Guest post: Lenin, Stalin and Hitler: The Age of Social Catastrophe

The following is a guest blog post submitted by Steven Tiffany:

I’d like to share some Social Role Valorization (SRV) insights I gleaned while reading the book “Lenin, Stalin and Hitler: The Age of Social Catastrophe” by Robert Gellately (2007). The level of violence, terror and death described in the book is overwhelming, but it also gives us an opportunity to see the universality of the common wounds and the SRV themes at a particular historical moment.

All three leaders inflicted numerous wounds upon societally devalued groups. In Germany under Hitler, for example, there was a wide variety of groups targeted, but it was mainly the Jews, Communists, Roma and the disabled who suffered the worst: persecution, starvation, ghettos, incarceration, forced labor, concentration camps, widespread killing and slaughter. In Lenin and Stalin’s USSR, the range of groups who found themselves devalued after the Soviets came to power was far reaching and included Jews; Christians; Muslims; various national minorities such as Ukrainians, Belarusians, Georgians, etc; successful and moderately successful peasants; land owners; politicians of all stripes (from anarchists to monarchists), the disabled; and many more.

One of the common wounds taught about in SRV is that of juxtaposition to negative images, including negative language. Here is an example of negative language from Lenin speaking about the rich peasants whom the Soviets referred to as “Kulaks”:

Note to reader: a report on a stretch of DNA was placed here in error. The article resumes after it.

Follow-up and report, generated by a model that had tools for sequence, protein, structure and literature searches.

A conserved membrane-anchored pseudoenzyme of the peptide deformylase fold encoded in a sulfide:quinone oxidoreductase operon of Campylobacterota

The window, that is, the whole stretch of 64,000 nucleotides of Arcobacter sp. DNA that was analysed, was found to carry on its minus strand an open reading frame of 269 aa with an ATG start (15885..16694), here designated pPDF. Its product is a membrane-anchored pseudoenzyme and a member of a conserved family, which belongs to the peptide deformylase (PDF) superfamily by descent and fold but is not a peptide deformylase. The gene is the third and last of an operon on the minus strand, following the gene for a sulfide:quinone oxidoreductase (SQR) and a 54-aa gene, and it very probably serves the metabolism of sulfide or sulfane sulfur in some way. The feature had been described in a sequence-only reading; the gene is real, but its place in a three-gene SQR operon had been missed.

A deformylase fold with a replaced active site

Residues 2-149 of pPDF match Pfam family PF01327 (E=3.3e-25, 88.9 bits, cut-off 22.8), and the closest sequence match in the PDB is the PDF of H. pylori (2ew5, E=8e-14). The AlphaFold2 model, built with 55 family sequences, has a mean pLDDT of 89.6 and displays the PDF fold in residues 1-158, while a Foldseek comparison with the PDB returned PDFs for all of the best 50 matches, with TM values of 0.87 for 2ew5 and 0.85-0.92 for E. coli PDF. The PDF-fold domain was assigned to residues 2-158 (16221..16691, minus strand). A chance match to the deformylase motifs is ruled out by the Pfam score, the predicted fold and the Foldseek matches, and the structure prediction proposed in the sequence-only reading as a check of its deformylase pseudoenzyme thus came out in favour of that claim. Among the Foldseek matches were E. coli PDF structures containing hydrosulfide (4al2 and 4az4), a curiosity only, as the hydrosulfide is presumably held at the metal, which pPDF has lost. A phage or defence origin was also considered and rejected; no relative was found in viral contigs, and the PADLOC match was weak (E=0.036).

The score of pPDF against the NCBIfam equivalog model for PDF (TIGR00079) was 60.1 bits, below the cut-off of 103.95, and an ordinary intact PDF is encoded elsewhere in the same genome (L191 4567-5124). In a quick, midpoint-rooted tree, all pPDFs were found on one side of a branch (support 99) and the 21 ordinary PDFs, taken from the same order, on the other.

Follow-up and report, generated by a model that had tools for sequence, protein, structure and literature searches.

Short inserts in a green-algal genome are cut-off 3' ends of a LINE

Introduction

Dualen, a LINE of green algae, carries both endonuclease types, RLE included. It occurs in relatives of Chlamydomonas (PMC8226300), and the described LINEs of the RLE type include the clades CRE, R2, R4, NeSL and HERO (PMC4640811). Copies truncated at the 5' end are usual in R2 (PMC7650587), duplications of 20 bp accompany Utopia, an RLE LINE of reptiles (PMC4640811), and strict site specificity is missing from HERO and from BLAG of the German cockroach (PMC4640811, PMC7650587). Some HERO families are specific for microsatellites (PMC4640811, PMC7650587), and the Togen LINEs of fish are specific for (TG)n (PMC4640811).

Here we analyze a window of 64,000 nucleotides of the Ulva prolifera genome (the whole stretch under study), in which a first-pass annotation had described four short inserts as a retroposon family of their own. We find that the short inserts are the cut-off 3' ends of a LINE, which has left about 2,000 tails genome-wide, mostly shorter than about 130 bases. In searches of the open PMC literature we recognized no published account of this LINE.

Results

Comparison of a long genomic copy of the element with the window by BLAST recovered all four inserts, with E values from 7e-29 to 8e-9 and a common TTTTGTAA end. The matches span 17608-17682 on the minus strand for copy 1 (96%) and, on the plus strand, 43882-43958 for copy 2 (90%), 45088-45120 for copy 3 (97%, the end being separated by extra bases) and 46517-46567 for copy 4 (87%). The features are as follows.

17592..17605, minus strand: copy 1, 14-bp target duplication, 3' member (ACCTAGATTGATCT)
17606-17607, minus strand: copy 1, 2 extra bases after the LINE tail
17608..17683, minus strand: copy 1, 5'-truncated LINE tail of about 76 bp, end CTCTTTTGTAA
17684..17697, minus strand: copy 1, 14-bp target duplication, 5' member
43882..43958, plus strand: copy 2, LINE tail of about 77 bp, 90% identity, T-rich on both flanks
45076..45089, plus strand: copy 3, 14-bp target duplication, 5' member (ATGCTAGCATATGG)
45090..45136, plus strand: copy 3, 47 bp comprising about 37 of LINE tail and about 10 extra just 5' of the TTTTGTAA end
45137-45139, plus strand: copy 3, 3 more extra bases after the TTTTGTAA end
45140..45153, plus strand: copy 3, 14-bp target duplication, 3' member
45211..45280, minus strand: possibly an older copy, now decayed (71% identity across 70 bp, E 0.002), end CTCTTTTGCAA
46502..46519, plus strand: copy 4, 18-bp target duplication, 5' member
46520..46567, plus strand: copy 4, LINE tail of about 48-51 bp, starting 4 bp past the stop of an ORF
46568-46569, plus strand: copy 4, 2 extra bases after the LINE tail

“These bloodsuckers have grown rich on the want suffered by the people in the war; they have raked in thousands and hundreds of thousands of rubles by pushing up the price of grain and other products. These spiders have grown fat at the expense of the peasants ruined by the war, at the expense of the starving workers. These leeches have sucked the blood of the working people and grown richer as the workers in the cities and factories starved. These vampires have been gathering the landed estates into their hands; they continue to enslave the poor peasants” (Comrade Workers, Forward To The Last, Decisive Fight! – 

One can imagine the amount of hatred this speech would have incited towards the Kulaks, which in part set the stage for the oppression, deportation, forced starvation, murder and widespread slaughter of the Kulaks which was soon to come. Lenin and later Stalin were consciously deliberate in the negative language and images they used in their efforts to demonize the Kulaks and use them as scapegoats for their (ultimately unsuccessful) policies of collectivization.

Posted on November 11, 2011 at 10:06 am by MTumeinski · Permalink
In: Uncategorized · Tagged with: , , , , ,

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